Duluth woman face of Grandma's Marathon to international runnersTo many Kenyans and other international athletes who come to Duluth each June, Sarah Culver is the face of Grandma’s Marathon.
By: Jana Hollingsworth, Duluth News Tribune
To many Kenyans and other international athletes who come to Duluth each June, Sarah Culver is the face of Grandma’s Marathon.
Culver, director of administration for the race, is also the elite athlete coordinator. She helps runners renew visas by sending letters to U.S. Embassies in their countries. She arranges airport pick-ups, lodging and expense checks. She even had to help one runner find shoes when he arrived from Kenya the day before the race and his luggage didn’t.
For several months before the big day, she’s the point person who fields agent and runner phone calls and e-mails from around the world.
“I don’t leave the office much during race week, so a lot of them will make a point to come here and meet me,” she said of the international athletes. “That’s neat for both of us.”
Culver, who also organizes the awards ceremony and hospitality rooms along with their 10 captains and 200 volunteers, has been with the marathon for 12 years. This year, because Duluth also is hosting the U.S. Half Marathon Championship, she took on more than 200 other elite runners.
Behind her desk sit about 300 color-coordinated files, one for each of the top entrants, men and women, in Grandma’s Marathon, the Garry Bjorklund Half Marathon and the separate Half Marathon Championships awarded to Duluth in 2012 and 2013. The files contain details ranging from flight times and housing with host families or at hotels to water bottle placement at aid stations. Runners train with certain fluids, such as a specific flavor of sports drink or water, Culver said, and they like to stick with that for their races.
The week leading to Grandma’s Marathon weekend is filled with “putting out little fires” Culver said, as the office of eight full-time and two seasonal employees and one intern take care of final details for the project they’ve been working on for a year. Nearly 17,500 runners are entered.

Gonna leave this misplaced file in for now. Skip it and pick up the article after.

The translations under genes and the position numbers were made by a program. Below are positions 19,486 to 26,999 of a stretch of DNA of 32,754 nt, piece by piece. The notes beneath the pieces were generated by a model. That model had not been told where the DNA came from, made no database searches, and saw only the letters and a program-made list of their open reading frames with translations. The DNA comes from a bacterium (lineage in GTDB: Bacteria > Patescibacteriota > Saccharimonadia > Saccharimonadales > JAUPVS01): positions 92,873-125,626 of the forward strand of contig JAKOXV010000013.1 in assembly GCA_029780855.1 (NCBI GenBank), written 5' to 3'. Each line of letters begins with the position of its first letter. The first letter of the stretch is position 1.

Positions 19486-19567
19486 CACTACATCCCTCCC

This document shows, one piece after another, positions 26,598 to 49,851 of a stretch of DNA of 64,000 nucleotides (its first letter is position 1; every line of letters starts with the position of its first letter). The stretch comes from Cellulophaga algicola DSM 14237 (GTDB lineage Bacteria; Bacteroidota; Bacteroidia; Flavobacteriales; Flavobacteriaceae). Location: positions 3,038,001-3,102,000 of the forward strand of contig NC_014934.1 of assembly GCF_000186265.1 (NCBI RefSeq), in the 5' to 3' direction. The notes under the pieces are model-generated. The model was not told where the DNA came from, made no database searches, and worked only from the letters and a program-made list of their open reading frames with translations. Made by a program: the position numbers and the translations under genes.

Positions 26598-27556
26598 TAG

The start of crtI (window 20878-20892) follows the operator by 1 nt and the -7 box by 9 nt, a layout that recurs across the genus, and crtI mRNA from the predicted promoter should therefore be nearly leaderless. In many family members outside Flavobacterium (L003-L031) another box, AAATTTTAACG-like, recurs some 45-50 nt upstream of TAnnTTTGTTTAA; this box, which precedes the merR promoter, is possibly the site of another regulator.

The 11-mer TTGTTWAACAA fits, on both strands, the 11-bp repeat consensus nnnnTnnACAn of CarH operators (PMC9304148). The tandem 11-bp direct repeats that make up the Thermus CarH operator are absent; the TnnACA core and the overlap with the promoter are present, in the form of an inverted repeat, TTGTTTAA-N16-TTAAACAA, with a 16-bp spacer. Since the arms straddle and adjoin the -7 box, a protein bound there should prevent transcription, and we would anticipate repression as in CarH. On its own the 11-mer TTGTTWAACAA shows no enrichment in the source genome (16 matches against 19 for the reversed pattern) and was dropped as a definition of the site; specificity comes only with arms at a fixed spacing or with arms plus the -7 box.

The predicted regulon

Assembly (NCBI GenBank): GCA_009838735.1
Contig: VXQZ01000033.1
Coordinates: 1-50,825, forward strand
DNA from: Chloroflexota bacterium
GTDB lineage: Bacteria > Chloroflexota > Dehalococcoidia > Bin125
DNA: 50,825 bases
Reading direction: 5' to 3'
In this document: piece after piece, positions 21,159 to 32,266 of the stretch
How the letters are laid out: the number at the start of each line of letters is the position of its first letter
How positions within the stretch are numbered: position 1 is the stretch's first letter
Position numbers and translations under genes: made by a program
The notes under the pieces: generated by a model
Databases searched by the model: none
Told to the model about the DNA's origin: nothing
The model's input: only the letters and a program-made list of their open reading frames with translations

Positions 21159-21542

“This last week is very organized chaos,” said Linda Hanson, finance and operations director for the race. “We are running on sheer adrenaline. We think of every possible solution that could go wrong and have an answer for it if it does.”
Weather is what Culver worries about most when it comes to her charges. Runners in transit have been stuck in Minneapolis and Green Bay because of weather delays. She’s had to hire buses to bring athletes to Duluth when planes weren’t allowed to land.
“Good Samaritans have called from Minneapolis and said, ‘I am here and renting a car and I have this Kenyan with me and I am going to bring him up,’ ” she said. “When I lose runners (unable to get to Duluth) because of airline or weather issues, that’s very stressful.”
But many of the foreign runners aren’t ruffled by the inconveniences of travel, she said.
“The fact that some can get on an airplane on Wednesday from Nairobi, and spend 20-plus hours traveling, and get here on Friday and then run a marathon and come in second, and go home: It’s amazing to me,” Culver said.
When arranging lodging for the elite crew, most of whom are professional runners, choices often depend on what part of the world they come from.
Many of the Kenyans are shy and private, she said, and opt for hotels. Eastern Europeans tend to choose host families, who may be able to provide more palatable home-cooked food.
“They love it,” she said. “They stay with the same families year after year.”
Through her job, Culver has made lasting friendships and learned the cultures of distant lands, she said. One year, a runner from Kenya carried a box of spices, tea and margarine on his lap during his long flight to Duluth, which he gave to her. Each jar was labeled with her name.
“In Kenya, giving food, which is very valuable to them, is one of the most valuable gifts you can give someone,” she said. “They are genuinely the nicest, friendliest, most spiritual people.”